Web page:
10 years ago - The Times
Thursday, September 11, 2008
Maltese scientist upbeat on Big Bang experiment
Although the largest and most expensive scientific experiment in history, conducted yesterday by the European Organisation for Nuclear Research (Cern), was a success, it may take months – even years – to discover the new fundamentals of physics, not yet accessible to mankind, that should emerge from the Large Hadron Collider, Nicholas Sammut told The Times from the hub of the action in the control centre outside Geneva.
Just after initial success was registered and in between further testing, Dr Sammut, a research engineer on the project that has attracted the world’s attention, said he was “thrilled” at the results of the first LHC beam test that should unlock the secrets of the universe.
A beam of particles was successfully circulated around the 27-kilometre underground tunnel – the largest and most powerful scientific instrument ever constructed by mankind – to simulate the conditions of the so-called Big Bang that created the universe.
“We had no problems whatsoever; we reached our milestone in just 50 minutes, which was incredible. The machine worked perfectly, without any hitches, which was important for us because now we know it is on line.”
25 years ago - The Times
Saturday, September 11, 1993
Mideast developments ‘positive and courageous’
Foreign Minister Guido de Marco yesterday described developments in the Middle East as positive and courageous.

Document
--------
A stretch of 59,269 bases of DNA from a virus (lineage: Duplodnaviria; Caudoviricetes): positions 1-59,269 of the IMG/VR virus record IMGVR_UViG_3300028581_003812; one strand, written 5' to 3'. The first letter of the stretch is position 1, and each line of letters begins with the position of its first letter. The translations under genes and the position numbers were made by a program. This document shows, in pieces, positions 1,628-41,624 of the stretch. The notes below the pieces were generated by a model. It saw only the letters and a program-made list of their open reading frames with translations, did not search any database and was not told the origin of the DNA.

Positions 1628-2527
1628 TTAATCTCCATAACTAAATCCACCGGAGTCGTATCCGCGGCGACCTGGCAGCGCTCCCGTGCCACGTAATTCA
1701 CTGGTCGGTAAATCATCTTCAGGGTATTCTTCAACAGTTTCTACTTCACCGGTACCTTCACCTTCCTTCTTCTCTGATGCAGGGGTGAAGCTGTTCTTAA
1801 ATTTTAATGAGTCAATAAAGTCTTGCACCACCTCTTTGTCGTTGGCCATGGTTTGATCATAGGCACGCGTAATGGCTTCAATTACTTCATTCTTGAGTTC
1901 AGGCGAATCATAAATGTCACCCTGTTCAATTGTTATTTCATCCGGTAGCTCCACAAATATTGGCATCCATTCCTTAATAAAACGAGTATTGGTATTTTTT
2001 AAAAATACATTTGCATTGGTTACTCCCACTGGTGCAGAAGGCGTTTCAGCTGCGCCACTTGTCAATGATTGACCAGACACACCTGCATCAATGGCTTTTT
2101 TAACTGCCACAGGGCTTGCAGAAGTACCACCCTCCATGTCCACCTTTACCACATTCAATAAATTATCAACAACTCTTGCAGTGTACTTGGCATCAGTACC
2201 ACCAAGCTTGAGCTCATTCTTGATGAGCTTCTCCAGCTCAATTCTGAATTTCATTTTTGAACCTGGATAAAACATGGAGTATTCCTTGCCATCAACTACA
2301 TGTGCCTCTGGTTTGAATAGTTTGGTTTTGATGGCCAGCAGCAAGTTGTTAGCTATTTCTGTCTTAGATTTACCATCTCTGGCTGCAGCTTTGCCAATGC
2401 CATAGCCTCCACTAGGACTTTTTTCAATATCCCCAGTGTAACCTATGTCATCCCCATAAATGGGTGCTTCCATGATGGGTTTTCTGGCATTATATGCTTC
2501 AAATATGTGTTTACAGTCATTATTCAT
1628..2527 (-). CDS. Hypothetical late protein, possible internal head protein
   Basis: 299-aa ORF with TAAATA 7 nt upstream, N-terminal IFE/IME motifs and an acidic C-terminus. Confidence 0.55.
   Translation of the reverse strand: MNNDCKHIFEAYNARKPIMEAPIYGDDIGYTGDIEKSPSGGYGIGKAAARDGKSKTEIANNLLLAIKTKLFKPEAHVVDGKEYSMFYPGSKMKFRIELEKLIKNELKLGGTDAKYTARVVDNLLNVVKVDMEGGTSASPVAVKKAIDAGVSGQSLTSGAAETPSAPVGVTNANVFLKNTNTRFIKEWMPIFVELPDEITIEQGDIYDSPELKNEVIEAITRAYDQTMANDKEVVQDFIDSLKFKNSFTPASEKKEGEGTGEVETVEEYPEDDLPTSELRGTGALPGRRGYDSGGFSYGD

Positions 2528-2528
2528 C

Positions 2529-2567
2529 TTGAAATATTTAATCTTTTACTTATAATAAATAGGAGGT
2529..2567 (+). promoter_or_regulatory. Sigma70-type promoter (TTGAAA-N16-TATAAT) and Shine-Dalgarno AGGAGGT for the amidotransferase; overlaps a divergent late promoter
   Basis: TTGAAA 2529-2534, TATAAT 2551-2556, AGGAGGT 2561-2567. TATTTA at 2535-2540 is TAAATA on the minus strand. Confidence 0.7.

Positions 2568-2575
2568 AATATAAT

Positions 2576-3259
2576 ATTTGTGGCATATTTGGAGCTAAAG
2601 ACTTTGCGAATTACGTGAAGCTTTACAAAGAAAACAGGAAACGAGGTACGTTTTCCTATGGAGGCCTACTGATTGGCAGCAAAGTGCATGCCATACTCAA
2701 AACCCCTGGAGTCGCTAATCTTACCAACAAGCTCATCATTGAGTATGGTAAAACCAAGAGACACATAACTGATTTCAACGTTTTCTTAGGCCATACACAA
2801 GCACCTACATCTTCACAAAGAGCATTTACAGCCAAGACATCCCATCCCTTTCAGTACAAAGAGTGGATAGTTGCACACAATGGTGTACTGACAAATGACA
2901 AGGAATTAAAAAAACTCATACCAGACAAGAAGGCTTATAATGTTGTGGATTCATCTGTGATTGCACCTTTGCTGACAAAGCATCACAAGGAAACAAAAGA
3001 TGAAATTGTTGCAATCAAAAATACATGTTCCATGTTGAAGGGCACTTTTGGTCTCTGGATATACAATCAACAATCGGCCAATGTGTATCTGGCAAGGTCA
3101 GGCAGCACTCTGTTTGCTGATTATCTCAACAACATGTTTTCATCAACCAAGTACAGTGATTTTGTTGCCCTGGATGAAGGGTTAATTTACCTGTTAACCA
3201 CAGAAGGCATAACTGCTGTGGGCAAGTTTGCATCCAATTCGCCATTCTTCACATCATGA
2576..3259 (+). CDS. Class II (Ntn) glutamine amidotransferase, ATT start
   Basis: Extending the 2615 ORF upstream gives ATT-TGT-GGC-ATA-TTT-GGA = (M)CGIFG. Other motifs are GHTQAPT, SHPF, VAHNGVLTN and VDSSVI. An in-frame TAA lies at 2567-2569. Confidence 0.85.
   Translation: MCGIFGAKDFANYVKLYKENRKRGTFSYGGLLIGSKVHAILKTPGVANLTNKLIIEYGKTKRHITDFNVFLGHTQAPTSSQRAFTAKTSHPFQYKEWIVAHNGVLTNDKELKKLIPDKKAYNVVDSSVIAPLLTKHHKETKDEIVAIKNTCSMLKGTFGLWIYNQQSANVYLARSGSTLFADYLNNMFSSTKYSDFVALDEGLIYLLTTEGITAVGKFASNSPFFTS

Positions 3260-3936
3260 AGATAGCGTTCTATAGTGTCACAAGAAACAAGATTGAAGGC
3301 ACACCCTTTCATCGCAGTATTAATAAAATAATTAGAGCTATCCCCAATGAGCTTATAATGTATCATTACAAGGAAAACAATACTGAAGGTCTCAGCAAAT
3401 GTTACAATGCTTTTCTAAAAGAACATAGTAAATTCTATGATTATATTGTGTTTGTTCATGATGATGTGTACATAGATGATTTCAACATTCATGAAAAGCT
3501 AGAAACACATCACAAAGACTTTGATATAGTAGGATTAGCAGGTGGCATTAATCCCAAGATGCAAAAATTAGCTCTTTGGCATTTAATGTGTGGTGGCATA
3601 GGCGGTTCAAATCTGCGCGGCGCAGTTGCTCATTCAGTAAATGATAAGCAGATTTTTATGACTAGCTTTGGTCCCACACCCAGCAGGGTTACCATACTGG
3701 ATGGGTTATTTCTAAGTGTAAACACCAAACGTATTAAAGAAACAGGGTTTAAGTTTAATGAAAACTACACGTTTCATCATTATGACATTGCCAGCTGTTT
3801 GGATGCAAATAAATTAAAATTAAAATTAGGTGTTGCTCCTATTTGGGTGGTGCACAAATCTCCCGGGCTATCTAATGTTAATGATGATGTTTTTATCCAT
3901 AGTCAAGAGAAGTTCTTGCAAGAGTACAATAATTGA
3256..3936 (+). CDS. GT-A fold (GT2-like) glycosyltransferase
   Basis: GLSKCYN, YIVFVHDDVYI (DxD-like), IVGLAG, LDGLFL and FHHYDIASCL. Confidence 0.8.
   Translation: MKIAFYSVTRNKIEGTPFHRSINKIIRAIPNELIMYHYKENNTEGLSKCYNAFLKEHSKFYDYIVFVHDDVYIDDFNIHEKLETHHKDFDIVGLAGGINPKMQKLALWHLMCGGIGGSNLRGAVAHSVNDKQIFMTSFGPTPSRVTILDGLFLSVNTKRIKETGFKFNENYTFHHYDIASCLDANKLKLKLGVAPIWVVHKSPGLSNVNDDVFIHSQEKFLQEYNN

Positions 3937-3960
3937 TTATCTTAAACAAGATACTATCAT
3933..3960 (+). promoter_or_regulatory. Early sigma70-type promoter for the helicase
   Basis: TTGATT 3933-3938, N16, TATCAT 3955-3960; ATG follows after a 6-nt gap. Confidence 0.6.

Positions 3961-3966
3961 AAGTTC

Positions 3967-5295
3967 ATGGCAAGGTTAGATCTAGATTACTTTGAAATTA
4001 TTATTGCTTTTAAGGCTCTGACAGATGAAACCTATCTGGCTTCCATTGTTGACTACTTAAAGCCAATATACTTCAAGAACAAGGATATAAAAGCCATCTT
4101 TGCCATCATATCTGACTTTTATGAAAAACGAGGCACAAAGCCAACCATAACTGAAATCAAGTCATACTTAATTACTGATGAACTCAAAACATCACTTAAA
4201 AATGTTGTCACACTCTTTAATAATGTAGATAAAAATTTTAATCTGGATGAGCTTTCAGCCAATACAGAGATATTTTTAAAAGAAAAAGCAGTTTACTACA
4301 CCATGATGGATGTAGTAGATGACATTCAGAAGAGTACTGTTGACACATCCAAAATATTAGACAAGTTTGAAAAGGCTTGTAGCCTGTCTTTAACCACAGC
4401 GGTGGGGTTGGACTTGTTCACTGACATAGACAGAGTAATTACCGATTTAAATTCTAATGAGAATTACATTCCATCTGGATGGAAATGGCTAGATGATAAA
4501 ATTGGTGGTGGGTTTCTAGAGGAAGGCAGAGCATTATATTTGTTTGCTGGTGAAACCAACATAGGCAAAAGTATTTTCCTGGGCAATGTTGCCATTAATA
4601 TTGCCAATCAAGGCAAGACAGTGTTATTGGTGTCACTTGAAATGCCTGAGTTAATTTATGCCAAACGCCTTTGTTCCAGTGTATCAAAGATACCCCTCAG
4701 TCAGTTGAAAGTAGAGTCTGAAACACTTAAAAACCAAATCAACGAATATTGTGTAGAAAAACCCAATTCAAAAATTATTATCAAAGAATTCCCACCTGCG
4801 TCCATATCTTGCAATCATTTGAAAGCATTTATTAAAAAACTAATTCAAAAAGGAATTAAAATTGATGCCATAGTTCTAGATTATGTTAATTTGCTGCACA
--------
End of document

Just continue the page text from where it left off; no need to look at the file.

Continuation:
He said the decisions being made by Israel and the Palestine Liberation Organisation should be admired.
Israel and the PLO are expected to sign a peace accord in Washington on Monday, signalling the end of decades of struggle over a territory both claim as their ancient homeland.
Prof. de Marco, who was speaking on arrival from Lisbon, where he had talks with his Portuguese counterpart, Jose Manuel Durao Barroso, said the decisions should mean cooperation between the two former enemies.
The foreign minister, who had already discussed the situation with Dr Barroso, said that, however, this did not remove the danger of the Mediterranean solution. Malta was conscious of it and it also had responsibilities to face.
Prof. de Marco said he also discussed with Dr Barroso the European Community’s avis on Malta and it seemed that in Portugal “there were people who understood us”.
Half a century ago - Times of Malta
Wednesday, September 11, 1968
Rotary Foundation fellowship
Mr Anthony Serracino-Inglott has been selected by the trustees of the Rotary Foundation to receive a Graduate Fellowship for the academic year 1969-70. The award is tenable at the University of Cincinnati, Ohio, USA.
The Rotary Foundation seeks to promote understanding and friendly relations among the peoples of different nations.
The Cabaret Ball at the Kastel tak-Kanadiż, Tarxien, tomorrow, promises to be a highlight in the entertainment calendar. The ball will start at 10pm and is expected to run until 2.30am. Singer/guitarist Max Stevens will introduce Malcolm Mitchell, the London night club star who is appearing at the Corinthia Palace Hotel.
Magician shows improvement
Magician Vonfred, regarded as one of the best magicians on the island, has lately introduced new tricks in his magic bag, enabling him to improve on his previous performances.
Having had a much-needed boost with a full engagement at the Buskett Roadhouse and at the Piali night clubs, Vonfred has shown that if given the necessary encouragement, he can provide a good cabaret act.
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